A common point of failure for most of the marketers is why their campaigns didn’t succeed. Lack of awareness often costs email marketers in the form of lower open rates and reduced ROI. Every year Return Path does the analysis of inbox placement rate. Inbox placement rate measures the percentage of emails landing in your subscribers’ inbox and not in spam folders or otherwise undelivered. According to “Deliverability Benchmark Report 2015” published by Return Path, one of the five messages sent failed to reach the inbox. Email volume has gone up by 7% from last year, but only 79% of commercial emails lands in the inbox. Moreover, the global inbox placement rate has gone down by 4% compared to 2014. In other words, there are more and more emails but fewer of them reaches the inbox.
Inbox placement rate by country
The largest drop in deliverability is for the U.S., where inbox placement rate has gone down to 76% compared to 87% in 2014. Not reaching the inbox means one in four emails either go to spam or blocked by mailbox provider.
Brazil has shown significant improvement as their inbox placement rate is up by 74% compared to 60% in 2014.
Among European countries, only Italy has shown 2% increase from last year. Significant downfall in inbox placement rate was seen for Germany, France and the UK. However, for Spain rate remains unchanged.
Australian marketers enjoyed higher inbox placement rate of 88% in 2015.
Inbox Placement rate by industry
The report also provided stats by industry and most industries show declined or flat inbox placement rates. However, relationship-based industries such as health & apparel, food and beverage as well as insurance have maintained good inbox placement rates of about 90%. While manufacturing, software and the internet industry have also gained some improvement.
Based on mailbox provider
Interestingly, the report also revealed that deliverability is particularly worse with Yahoo Mail. Inbox placement rates have dropped by 13% this year and marketers find it tough to reach their subscribers. Gmail has maintained the same rate as emails were routed to the promotion tab. Campaigns that tried to bypass the promotion tab in order to reach the primary tab have often landed to spam folder. Marketers should stop this approach as open rates for the promotion tab have increased up to 20% this year.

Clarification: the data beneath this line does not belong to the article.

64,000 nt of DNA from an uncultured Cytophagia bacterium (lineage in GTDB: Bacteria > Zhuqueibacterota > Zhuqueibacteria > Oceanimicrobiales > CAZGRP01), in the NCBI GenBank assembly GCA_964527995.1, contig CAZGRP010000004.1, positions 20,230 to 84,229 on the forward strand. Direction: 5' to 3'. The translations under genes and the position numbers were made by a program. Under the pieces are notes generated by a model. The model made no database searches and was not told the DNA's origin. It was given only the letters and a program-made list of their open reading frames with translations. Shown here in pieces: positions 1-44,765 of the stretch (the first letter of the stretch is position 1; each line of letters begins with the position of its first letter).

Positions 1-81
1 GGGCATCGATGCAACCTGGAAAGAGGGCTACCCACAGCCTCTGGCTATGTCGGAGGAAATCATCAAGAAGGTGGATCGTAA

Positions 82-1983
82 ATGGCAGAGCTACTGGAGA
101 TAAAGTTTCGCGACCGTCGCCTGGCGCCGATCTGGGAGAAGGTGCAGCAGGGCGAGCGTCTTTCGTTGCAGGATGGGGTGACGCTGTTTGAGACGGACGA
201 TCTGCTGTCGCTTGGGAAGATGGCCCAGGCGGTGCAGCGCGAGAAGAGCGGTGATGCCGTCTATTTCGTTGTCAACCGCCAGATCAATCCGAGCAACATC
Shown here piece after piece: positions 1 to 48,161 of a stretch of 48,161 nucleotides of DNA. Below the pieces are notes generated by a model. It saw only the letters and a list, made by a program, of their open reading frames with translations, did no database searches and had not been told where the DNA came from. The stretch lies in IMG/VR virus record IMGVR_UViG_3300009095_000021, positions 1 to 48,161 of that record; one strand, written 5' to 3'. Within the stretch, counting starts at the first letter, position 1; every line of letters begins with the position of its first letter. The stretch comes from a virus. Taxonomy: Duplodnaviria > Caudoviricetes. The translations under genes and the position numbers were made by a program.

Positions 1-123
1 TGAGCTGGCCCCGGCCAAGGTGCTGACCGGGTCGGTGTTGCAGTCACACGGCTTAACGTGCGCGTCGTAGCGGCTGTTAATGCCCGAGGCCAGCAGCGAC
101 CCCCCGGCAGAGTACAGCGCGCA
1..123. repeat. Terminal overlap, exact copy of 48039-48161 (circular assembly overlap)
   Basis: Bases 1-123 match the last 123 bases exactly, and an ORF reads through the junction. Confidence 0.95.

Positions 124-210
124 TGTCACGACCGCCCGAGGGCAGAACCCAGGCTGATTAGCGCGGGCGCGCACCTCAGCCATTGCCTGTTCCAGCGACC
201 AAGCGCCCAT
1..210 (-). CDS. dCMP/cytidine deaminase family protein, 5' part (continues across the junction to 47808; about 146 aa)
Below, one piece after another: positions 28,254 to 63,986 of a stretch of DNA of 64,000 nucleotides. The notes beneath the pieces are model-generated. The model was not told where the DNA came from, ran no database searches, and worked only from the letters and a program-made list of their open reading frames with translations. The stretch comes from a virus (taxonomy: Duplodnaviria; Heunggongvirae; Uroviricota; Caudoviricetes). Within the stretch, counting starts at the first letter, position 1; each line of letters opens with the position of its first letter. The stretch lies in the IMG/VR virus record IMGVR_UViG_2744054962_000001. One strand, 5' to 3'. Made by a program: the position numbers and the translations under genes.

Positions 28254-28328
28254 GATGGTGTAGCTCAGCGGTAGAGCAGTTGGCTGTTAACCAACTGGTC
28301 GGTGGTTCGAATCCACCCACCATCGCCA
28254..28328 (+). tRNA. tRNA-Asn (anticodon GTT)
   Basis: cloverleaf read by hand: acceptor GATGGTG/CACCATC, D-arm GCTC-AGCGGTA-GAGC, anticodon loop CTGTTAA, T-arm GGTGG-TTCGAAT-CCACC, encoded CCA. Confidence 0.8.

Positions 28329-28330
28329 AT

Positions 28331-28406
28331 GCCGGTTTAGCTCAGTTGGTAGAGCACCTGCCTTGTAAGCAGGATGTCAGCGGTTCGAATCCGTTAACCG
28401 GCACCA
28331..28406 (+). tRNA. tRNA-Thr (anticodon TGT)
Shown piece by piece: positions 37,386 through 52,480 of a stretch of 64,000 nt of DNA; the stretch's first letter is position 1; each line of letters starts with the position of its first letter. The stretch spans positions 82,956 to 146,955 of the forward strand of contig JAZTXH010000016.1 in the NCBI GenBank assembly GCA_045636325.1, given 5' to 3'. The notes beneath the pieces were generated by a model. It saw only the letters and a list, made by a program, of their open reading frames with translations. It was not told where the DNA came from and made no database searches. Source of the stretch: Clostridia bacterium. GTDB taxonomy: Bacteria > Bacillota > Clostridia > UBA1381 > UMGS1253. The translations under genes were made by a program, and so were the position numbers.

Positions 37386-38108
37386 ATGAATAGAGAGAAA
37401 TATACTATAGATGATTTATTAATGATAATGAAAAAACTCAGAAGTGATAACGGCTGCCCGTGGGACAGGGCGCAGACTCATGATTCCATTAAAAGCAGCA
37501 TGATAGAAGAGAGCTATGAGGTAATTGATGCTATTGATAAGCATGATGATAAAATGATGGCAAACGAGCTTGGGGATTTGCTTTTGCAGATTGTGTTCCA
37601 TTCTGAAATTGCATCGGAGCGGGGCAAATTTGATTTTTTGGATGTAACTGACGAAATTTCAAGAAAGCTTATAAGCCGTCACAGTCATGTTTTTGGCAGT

Why marketers are not making into the inbox?
Analysis has shown that most marketers are not aware of the new metrics being considered by mailbox providers. For better inbox placement rates, they must consider these new deliverability rules.
Low read rate by the mailbox receiver (26% of campaigns affected) – ISPs have indicated that their filtering decision depends on the percentage of mailboxes reading your email. Sending to subscribers that don’t engage can cause delivery issues.
Spam Complaints (21%) – This is the oldest metric used for years and still hasn’t changed. A complaint is recorded every time a user marks an email as spam. In particular, mailbox providers look at complaints from live mailboxes and some feedback methods like Microsoft’s sender reputation data (SRD).
Mailing to abandoned inboxes – According to the report, about 19% of campaign face this problem. If you mail to inactive accounts it gives a negative signal to the mailbox providers and tends to fall under into their spam filtering algorithms.
Inbox placement rates fell in 2015 from 2014. Possibly because marketers have overlooked the recent evolution. The first step in conducting any analysis of campaign performance is to know how many emails never reach the inbox. By monitoring your inbox placement rate, you get a better understanding of your email campaigns and it gives a reliable platform to optimize your email program.
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